Betrayal is one of the most gut-wrenching and demoralizing things that can happen to an individual. Especially when you have spent a great amount of time, energy, effort, and resources into helping someone develop or obtain specific goals. It is very hard to confide in, come to truly depend upon, and to trust someone only to have them abandon you.
Even the seemingly invincible and unflappable Apostle Paul was victimized by friends and colleagues who abandoned him. One such individual that left the Apostle Paul in the lurch at the most crucial time of his life was a man named Demas or Demus.
Very little information is known about Demas. We don't know where he was from, who his parents were, or how Demas grew up. We have no information about his background or his death. However, it is not what we don't know about Demas that makes him a character for study, it is what we do know.
We first come across Demas in Paul's letter to his friend Philemon; "Epaphras, my fellow prisoner in Christ Jesus, sends greetings to you, and so do Mark, Aristarchus, Demas, and Luke my fellow workers." It seems Demas was in Rome and working with or for the Apostle Paul. Paul considered Demas a fellow-laborer. We also see Demas mentioned in Paul's letter to the Church located in Colossae. "Luke the beloved physician greets you, as does Demas."
This is a crucial testimony to the feelings of the Apostle Paul toward both Luke and Demas. Paul had to depend upon these men, particularly as fellow-laborers in ministry. Paul was under house arrest, chained to a Roman soldier. Paul had left Corinth with the offering and entourage that he had collected and had dropped the offering with the remaining apostles in Jerusalem. While participating in a vow he was found in the Temple by harassing Jews. These Judaizers had Paul arrested and probably would have killed him or at least done him bodily harm. He was rescued by Roman officials and jailed until sense could be made out of the charges. Paul was taken for his safety to Caesarea and held. He was tried by Felix and Festus and eventually by visiting King Agrippa. It was during this hearing that Paul exercised his right as a Roman citizen and appealed his case to the Emperor in Rome.
The next several months entailed Paul being taken to Rome via ships. He experienced a shipwreck and rescue on that trip. Eventually he and his escort made it to Rome where he was placed under house arrest awaiting a trial before Emperor Nero.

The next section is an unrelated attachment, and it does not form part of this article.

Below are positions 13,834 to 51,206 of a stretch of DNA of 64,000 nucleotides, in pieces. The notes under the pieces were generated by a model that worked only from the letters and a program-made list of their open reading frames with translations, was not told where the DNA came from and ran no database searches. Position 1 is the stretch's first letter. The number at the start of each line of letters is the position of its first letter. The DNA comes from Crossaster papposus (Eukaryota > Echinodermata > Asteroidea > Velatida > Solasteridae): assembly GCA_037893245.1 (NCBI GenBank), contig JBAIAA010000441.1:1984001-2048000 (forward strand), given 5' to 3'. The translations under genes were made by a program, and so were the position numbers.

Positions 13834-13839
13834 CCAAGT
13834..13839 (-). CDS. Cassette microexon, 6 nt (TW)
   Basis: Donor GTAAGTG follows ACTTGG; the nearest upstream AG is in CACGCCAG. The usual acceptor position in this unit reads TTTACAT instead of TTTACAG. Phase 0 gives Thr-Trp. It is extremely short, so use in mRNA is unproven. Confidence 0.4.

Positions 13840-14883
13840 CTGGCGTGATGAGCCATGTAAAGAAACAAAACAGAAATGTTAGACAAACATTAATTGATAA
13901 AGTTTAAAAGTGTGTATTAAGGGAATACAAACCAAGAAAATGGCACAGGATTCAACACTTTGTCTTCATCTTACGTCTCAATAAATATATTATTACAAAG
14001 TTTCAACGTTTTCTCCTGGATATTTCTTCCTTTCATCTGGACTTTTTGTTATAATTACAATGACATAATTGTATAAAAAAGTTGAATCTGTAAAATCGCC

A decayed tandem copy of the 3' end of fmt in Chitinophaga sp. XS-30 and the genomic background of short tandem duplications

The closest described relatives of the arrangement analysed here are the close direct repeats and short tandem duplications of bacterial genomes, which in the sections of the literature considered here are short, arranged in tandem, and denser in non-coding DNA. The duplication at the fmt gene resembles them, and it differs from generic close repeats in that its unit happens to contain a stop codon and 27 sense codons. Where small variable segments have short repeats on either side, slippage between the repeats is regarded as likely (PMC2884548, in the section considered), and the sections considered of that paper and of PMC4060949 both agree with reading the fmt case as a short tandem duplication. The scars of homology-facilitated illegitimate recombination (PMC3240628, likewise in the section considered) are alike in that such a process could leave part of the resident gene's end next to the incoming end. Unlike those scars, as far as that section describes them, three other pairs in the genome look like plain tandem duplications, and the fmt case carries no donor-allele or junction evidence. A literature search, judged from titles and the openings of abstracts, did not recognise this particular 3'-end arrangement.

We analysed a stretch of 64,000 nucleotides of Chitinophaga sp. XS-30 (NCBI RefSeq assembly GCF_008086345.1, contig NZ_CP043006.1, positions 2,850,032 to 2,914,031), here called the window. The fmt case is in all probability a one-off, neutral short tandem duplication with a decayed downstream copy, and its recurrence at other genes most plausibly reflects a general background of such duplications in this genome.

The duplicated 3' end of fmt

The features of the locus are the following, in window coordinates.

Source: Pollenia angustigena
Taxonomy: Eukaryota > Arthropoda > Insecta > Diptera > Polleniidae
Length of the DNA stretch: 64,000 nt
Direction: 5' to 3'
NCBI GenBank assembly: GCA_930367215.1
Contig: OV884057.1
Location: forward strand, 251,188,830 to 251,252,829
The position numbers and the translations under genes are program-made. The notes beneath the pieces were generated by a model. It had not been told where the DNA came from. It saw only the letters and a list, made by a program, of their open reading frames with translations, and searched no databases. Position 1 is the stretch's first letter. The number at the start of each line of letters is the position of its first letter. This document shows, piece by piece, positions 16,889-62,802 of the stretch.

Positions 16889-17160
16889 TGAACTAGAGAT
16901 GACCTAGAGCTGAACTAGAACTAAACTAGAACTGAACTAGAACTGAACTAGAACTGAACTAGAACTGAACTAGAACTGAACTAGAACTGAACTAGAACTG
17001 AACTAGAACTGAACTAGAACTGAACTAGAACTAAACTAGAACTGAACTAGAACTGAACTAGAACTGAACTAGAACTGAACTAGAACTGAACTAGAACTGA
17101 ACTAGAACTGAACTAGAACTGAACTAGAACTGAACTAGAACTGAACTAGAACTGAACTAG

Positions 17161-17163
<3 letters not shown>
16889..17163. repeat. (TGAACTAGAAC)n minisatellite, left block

While under house arrest Epaphras came to him sharing problems that the church of Colosse was experiencing. He came in contact with a runaway slave named Onesimus and had introduced him to the gospel and Jesus Christ. Paul wrote a letter to the Collossian church which was carried by Tychicus and he wrote a letter to Onesimus's master Philemon asking Philemon to take back Onesimus as a brother in Christ. Paul realized that since Tychicus and Onesimus had to pass through Ephesus on the way to Collosse, Paul chose to write a letter to the church located in Ephesus.
On top of all this the bible says in regards to his two year house arrest "He lived there two whole years at his own expense, and welcomed all who came to him, proclaiming the kingdom of God and teaching about the Lord Jesus Christ with all boldness and without hindrance." (Acts 28:30-31, ESV) Paul was very busy. This was no "Roman Holiday!"
Sadly, all armies have those who go AWOL. "The Christian Army" has suffered its share of drop-outs. Paul, like many Generals faced desertion by his troops. For we read those heart-wrenching words of Paul; "Do your best to come to me soon. For Demas, in love with this present world, has deserted me and gone to Thessalonica."
Paul was now in the Mamertine Prison in Rome. He had been released from house arrest after two years. We don't have any record and very little, if any "tradition" about Paul's activities for the next approximately 4 to 6 years. He writes no letters, no mention is made of him. We would like to think he completed his dream and goal of reaching Spain but we don't know. We do know that by AD 66-68 Paul is re-arrested and condemned to die. He is awaiting his execution date in a damp, dark, and debilitating dungeon.
Paul writes his beloved son in the faith and fellow-coworker Timothy asking Timothy to come to him before he is beheaded. He reports that the only companionship he has is Luke. His other workers are on assignment except one - Demas has slipped a trace and bugged out for Thessalonica.
We don't know why. Maybe Demas was from Thessalonica. Paul simply says that Demas loved the present world. Demas loved this age more than he loved the world to come. Demas is known for his betrayal of the Apostle Paul.
Let this be a warning dear brother and sister! May the Lord Jesus Christ in His grace keep us! May it never be said that Gregg, or Cathy, or Ron, or Diane, or Robert, or Mike, or Ian, or...ever loved this present world more than the one to come.